It's all very melodramatic and predictable and nowadays the whole thing feels like one big cliché but that doesn't at all hamper the enjoyment that can still be found out of this series. Sure, nostalgia is sure to come into play for a lot of us but the series is fast paced, entertaining, and creative. While we know that pretty much each and every episode will end with Banner walking off into a crowd or a desert or somewhere that he won't be found to the familiar musical notes of 'The Lonely Man' it doesn't stop us from wanting to find out where he winds up next.

Video:

The series was made for TV so it makes perfect sense that it was shot and shown fullframe, which is exactly how Universal presents it on DVD in this set. Surprisingly, considering the age of the material, these episodes look very good. There are some stock footage inserts used in various episodes that definitely exhibit more grain and print damage than the rest of the footage does, but thankfully the actual footage shot for the show is in very nice shape. Some film grain is present, and periodically you'll note some specks and possibly a bit of dirt here and there, but color reproduction is stronger than what you usually see on seventies television and there's a surprisingly good level of both foreground and background detail. Mpeg compression artifacts are never an issue and while there is some mild aliasing and some mild edge enhancement from time to time that you'll detect if you want to look for it, overall The Incredible Hulk arrives here in very nice shape.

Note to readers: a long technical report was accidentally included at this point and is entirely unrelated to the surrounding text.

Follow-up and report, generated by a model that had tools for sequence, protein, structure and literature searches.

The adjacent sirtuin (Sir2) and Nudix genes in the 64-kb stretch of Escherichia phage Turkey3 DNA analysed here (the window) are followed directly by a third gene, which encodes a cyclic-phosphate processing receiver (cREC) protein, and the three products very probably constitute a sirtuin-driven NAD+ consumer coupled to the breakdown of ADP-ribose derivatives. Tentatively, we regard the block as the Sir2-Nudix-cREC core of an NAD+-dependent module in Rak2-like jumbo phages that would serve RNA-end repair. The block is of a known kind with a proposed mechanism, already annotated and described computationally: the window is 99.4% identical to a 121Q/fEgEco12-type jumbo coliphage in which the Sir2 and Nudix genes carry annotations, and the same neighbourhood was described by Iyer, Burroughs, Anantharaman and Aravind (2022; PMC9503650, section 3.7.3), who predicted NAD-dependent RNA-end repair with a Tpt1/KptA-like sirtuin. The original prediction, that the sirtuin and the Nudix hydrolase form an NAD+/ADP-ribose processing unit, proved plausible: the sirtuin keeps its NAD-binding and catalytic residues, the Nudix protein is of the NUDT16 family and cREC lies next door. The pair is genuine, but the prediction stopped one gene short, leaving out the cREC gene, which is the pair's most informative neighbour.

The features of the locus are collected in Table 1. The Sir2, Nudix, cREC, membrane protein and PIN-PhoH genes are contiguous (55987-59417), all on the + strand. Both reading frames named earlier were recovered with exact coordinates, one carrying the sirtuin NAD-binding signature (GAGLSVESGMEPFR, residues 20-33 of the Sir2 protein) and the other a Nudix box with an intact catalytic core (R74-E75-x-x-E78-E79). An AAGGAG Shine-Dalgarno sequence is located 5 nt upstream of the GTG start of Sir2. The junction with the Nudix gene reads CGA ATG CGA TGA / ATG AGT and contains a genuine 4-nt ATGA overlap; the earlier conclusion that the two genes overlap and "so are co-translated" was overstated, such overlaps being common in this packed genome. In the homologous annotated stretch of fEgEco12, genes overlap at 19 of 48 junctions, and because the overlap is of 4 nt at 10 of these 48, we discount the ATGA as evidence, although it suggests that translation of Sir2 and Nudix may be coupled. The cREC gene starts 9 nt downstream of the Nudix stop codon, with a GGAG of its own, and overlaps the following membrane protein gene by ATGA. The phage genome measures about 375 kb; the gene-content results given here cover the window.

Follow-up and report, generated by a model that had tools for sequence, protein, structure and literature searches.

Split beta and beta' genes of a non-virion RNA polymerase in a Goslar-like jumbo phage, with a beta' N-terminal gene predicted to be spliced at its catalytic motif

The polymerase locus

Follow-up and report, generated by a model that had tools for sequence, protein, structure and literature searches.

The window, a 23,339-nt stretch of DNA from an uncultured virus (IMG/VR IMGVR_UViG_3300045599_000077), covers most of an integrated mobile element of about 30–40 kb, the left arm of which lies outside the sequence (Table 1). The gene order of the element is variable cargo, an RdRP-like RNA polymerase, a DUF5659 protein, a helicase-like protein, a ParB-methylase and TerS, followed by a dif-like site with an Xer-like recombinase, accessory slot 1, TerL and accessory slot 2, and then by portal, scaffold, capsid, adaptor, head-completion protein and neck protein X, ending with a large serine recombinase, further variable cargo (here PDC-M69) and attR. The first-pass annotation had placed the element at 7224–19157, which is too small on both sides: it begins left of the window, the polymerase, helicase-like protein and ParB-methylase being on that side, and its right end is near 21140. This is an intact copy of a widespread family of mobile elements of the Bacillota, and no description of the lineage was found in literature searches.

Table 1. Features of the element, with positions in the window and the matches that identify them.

Sound: